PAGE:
But think about it….which one of these breeders is more likely to have puppies end up in the shelter? Which one of these breeders is helping dogs as a whole?
Now that was a bit of an extreme example, but my point is that just like in parenting, while there are some minimum requirements you must meet to ensure you’re not causing harm, the definition of “good” and “responsible” is subject to interpretations. Really as far as hard fast rules, all we’re left with is minimum requirements.
To me, this is the least you can do for a litter of puppies and their parents without being considered neglectful or abusive.
- Are the parents old enough to be bred without causing physical harm?
- Do they stop being bred before they’re old enough for the breeding to cause physical harm?
- Is veterinary care provided to avoid pain and suffering?
- Are the dogs’ physical needs met? Food, water, shelter, exercise etc
- Are the dogs’ mental needs being met? Mental stimulation, training, rewards etc
- When the dogs are no longer useful in the breeding program are they treated humanely? Keep in mind, this could include humane euthanasia – not my preference, but we are talking about minimum requirements here.
- Are the puppies being given basic socialization to help them transition into life with a new family? Have they been inside a house? Have they had positive interactions with humans? Walked on various surfaces including grass and carpet?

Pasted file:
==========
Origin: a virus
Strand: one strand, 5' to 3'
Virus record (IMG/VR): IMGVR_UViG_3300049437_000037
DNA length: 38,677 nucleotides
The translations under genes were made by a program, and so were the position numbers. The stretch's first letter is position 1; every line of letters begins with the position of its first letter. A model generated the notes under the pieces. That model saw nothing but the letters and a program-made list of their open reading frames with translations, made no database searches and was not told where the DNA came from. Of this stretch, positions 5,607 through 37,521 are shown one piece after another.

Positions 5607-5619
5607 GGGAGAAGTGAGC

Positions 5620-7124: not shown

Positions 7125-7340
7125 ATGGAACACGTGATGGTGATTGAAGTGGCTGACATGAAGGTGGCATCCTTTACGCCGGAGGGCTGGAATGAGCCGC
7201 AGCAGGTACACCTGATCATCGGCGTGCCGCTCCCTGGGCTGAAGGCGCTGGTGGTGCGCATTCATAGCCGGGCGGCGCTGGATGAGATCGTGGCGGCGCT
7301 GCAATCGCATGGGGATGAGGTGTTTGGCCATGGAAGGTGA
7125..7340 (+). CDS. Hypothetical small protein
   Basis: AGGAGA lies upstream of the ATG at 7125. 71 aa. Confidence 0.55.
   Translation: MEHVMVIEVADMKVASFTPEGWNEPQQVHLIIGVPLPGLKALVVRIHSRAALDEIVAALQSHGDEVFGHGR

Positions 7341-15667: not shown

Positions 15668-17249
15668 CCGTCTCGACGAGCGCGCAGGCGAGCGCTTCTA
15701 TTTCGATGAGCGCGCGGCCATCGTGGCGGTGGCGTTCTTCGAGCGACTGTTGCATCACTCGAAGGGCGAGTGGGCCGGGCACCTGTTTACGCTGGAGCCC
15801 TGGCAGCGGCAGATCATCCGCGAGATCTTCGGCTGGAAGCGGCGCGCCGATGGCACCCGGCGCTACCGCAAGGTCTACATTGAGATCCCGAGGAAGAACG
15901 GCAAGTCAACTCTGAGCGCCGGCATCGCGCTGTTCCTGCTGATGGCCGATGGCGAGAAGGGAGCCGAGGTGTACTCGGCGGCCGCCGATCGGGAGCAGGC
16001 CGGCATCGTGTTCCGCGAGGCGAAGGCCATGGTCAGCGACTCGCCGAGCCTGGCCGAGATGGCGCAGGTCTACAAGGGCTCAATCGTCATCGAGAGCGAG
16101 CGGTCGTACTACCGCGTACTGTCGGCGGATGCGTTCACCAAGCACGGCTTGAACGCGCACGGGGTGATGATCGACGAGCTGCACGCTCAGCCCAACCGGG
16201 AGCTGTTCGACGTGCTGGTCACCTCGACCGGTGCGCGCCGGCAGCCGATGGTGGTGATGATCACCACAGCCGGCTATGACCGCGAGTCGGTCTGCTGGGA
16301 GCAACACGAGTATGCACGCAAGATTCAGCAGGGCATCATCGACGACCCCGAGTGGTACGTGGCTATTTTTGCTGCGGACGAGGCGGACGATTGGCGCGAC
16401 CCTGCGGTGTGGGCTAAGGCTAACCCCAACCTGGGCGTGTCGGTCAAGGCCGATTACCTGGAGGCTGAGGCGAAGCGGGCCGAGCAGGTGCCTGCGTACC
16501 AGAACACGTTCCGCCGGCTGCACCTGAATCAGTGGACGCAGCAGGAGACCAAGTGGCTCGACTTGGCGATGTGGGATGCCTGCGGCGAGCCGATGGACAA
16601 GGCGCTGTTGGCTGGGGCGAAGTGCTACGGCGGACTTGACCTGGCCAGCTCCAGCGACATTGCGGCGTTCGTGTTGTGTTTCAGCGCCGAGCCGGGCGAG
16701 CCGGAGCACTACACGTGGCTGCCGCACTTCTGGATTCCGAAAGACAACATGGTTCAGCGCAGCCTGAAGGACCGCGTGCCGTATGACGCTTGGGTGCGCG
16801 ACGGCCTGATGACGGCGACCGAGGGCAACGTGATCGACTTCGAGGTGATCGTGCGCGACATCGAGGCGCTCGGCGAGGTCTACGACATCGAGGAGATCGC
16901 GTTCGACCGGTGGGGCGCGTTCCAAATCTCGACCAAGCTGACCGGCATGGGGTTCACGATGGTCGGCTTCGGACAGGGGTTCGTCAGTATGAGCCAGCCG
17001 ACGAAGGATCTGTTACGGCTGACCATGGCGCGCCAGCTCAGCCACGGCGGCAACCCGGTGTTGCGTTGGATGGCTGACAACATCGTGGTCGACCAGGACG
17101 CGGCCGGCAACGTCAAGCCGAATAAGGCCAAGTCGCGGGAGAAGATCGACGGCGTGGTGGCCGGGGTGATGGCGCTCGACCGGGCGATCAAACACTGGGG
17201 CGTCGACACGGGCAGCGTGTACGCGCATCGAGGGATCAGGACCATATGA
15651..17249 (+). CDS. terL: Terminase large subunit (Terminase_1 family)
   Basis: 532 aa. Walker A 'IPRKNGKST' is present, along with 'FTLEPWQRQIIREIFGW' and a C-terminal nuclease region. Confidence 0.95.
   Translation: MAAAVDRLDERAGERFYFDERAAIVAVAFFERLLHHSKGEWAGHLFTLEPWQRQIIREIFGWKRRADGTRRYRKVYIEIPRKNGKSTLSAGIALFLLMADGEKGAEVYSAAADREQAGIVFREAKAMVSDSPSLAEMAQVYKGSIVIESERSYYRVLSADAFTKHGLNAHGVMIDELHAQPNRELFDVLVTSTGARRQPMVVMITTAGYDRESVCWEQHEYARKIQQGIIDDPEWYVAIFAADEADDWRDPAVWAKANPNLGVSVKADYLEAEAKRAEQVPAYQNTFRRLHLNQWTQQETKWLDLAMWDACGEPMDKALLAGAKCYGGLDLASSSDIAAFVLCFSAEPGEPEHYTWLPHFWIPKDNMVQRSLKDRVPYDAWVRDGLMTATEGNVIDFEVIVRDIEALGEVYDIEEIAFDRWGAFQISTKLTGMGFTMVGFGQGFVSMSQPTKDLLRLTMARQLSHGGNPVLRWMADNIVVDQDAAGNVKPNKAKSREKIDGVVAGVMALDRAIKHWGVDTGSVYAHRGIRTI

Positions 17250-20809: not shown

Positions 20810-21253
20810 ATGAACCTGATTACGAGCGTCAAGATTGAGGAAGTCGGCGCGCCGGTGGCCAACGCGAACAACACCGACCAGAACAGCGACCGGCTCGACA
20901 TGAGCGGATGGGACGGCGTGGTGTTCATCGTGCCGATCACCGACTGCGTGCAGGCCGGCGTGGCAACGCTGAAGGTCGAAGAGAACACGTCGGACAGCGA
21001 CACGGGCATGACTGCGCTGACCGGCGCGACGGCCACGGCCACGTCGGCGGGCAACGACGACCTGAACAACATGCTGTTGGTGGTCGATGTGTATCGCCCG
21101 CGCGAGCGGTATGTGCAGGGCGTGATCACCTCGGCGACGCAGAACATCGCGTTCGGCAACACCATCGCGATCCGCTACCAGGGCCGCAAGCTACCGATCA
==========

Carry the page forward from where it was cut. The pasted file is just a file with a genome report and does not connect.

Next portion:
- Are the people in charge of the litter vetting the potential families and making sure that the new families are willing and able to do the work involved with purchasing a puppy of that particular breed?
And…. That’s it.
That’s the minimum. To me personally, this doesn’t seem nearly enough. Legally, this list is actually a little bit more than required. Remember, the producer vs breeder distinction is more of a gradient than a hard, fast line.
In relation to the picture below, someone who abides by the absolute minimum requirements to not be abusive or neglectful of their animals starts about in the middle and responsible is on the far right.
That’s a lot of grey area in between, and all of that is subject to interpretation.
Here is my interpretation:
Responsible Dog Breeder: (noun) A person who breeds dogs with the improvement and well being of the entire canine species as their main goal with a priority on health and stable temperament.
One of the key words in this definition is “improvement”. Taking the same two dogs and breeding them together over and over does not improve anything. It merely produces puppies. If you’ve read any of my earlier posts, you probably noticed that I use the term “puppy producer”. That is my way of distinguishing between responsible breeders who are working toward a goal and people who merely produce puppies.
Notice that I didn’t say “A person who breeds dogs with the improvement and well being of their breed as their main goal” I said “improvement and well being of the entire canine species as their main goal”. If breeding your particular breed of dog is not good for dogs as a whole, stop doing it. I’m going to come back to this in a different post.
Now let’s talk about health. If your breed is generally very healthy and has low likelihood of ending up with hip dysplasia, are you going to completely write off a breeder because they didn’t get the parents’ hips tested? The number of health tests available today is mind boggling and if every breeder tested their dogs for everything, the cost would be prohibitive.